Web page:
Who: The Canadian Women’s Foundation, with Juniper Park\TBWA for strategy and creative, Skin & Bones for production (Kelsey Larkin directing), post-production by Rooster Post, Alter Ego, and Grayson Matthews. Media by Touché!
What: “Signal Responders,” the follow-up to the last year’s “Signal for Help,” which was developed so women could subtly signal to someone on a video chat that they were being abused by a partner. The symbol achieved widespread recognition since its introduction, with the Canadian Women’s Foundation saying it is now known by one-third of Canadians. This latest effort is intended to educate people about what to do after seeing a woman using the signal.
When & Where: The campaign launched on Nov. 25, timed to coincide with 16 Days of Activism Against Gender-based Violence that is part of National Domestic Violence Awareness Month. It is being promoted through an online video, as well as across out-of-home inventory donated by AllVision, Astral Media, and Pattison. There is also a dedicated website at SignalResponder.ca.
Why: “Signal Responders” is built around insight derived from a survey conducted for the Canadian Women’s Foundation, which found that only one in six Canadians are very confident they know what to say or do to support someone experiencing sexual or emotional abuse, only 19% are confident they would know supportive things to say to someone experiencing abuse, and only 26% are confident they would know how to refer someone to support services.
“There’s a whole bunch of complexity and nuance that relates to what is the right advice to give someone if they see the Signal for Help,” said Juniper Park’s chief creative officer, Graham Lang. “The Canadian Women Foundation’s brief to us was to develop a mechanism that allows people to respond in the right way. ”
How: This year’s effort is built around “540-540,” a numeric representation of the symbol—from open hand, to thumb pressed into the palm and covered by four fingers (from five fingers, to four, to zero)—to which people can text the word “Signal” to receive an Action Guide containing information about how to proceed. “Once you see that [number] you remember it,” said Juniper Park’s chief creative officer, Graham Lang. “It becomes indelible.”
After settling on the 540-540 number, Juniper Park approached individual telcos like Bell, Rogers and Telus to ensure it worked on their individual networks. “It took a lot of behind-the-scenes work,” said Lang. “It’s one of those ideas which is really simple, but under the surface there was an incredible amount of detail and negotiation to securing the number and making sure it actually worked.”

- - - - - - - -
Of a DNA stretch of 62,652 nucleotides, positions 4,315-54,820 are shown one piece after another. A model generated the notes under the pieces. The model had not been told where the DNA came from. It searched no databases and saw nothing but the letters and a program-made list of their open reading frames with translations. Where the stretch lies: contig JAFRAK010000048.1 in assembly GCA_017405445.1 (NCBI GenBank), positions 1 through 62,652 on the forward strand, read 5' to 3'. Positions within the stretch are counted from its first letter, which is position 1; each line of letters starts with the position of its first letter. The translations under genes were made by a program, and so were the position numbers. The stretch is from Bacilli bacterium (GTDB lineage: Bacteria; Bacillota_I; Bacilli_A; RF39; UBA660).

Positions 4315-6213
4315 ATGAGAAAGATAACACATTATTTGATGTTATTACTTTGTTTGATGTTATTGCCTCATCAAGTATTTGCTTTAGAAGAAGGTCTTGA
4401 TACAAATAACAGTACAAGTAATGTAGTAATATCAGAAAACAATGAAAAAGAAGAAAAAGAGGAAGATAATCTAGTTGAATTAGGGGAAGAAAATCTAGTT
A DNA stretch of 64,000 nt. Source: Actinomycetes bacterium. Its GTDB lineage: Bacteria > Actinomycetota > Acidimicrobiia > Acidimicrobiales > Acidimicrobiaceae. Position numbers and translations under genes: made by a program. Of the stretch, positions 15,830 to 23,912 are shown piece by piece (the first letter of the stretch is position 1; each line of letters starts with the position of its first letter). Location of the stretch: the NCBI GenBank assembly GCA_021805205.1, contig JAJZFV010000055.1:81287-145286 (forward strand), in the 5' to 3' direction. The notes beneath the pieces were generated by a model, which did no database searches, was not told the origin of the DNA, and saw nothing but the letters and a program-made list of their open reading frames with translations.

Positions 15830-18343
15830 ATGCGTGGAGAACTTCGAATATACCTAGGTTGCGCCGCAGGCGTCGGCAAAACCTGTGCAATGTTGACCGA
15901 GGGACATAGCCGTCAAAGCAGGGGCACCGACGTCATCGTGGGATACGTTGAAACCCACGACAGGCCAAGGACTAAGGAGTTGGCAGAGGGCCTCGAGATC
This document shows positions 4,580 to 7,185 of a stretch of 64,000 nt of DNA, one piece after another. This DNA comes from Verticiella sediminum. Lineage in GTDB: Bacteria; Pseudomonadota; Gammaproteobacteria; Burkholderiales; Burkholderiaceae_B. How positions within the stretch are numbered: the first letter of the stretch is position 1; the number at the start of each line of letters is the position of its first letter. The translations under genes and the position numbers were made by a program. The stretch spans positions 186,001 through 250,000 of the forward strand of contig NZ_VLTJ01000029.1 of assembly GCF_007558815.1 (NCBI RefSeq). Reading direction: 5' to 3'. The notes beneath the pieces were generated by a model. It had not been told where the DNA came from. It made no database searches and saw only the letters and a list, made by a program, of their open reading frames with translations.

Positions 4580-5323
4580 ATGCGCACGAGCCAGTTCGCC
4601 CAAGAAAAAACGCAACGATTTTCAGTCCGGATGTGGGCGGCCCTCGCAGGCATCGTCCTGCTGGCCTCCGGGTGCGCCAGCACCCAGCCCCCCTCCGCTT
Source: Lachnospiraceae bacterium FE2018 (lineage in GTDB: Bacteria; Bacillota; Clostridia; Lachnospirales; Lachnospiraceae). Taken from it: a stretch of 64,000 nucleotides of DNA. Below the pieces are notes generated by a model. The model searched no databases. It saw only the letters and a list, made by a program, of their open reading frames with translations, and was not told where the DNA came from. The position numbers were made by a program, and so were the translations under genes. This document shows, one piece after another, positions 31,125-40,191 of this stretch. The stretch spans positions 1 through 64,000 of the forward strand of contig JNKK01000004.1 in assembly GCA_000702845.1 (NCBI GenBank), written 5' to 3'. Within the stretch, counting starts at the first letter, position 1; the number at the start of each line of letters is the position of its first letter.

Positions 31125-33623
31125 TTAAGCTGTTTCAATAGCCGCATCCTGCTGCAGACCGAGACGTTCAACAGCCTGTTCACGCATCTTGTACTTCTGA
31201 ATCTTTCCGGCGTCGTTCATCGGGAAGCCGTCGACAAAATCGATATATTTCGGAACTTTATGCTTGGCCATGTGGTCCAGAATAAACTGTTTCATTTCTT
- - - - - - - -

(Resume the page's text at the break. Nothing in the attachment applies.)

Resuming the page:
The accompanying PSA features people acknowledging that they kept quiet after seeing potential abuse because they thought it wasn’t their business or they were unsure about how to help. As the spot progresses, however, they pledge to help by texting 540-540 should the need arise. “I will help you,” declares one of the people in the spot.
On “Signal for Help” going global: Signal for Help has been a huge success story since it was introduced early in the pandemic. In addition to winning the Grand Prix at this year’s Effie Awards Canada and Gold at the recent London International Awards, it accrued real-world use with potentially life-saving implications.
Earlier this month, a teenager in Kentucky used it to signal for help after being abducted by a 61-year-old man who was later apprehended. And in Spain on Friday, police arrested a man after his wife used the signal during a routine traffic stop.
“Any time you create work that becomes part of the culture and you see it coming back into your newsfeed, it’s incredibly rewarding,” said Lang. “It’s a powerful feeling to see the agency’s creation being used as intended in potentially life-threatening circumstances, he said.
“Creativity can be used as a force for good, as much as it’s used to sell baked beans. What we do can have an effect, which is so gratifying. It’s blown up to such epic proportions purely based on the kindness and goodness of people.”
And we quote: “Chances are that everyone knows a survivor of gendered violence like physical, sexual, or emotional
abuse. And with a higher risk of this abuse during the pandemic, it’s especially crucial that we all know how to help those going through this often-hidden abuse,” said Canadian Women’s Foundation president and CEO Paulette Senior. “Offering judgement-free support is something we can all prepare ourselves for.”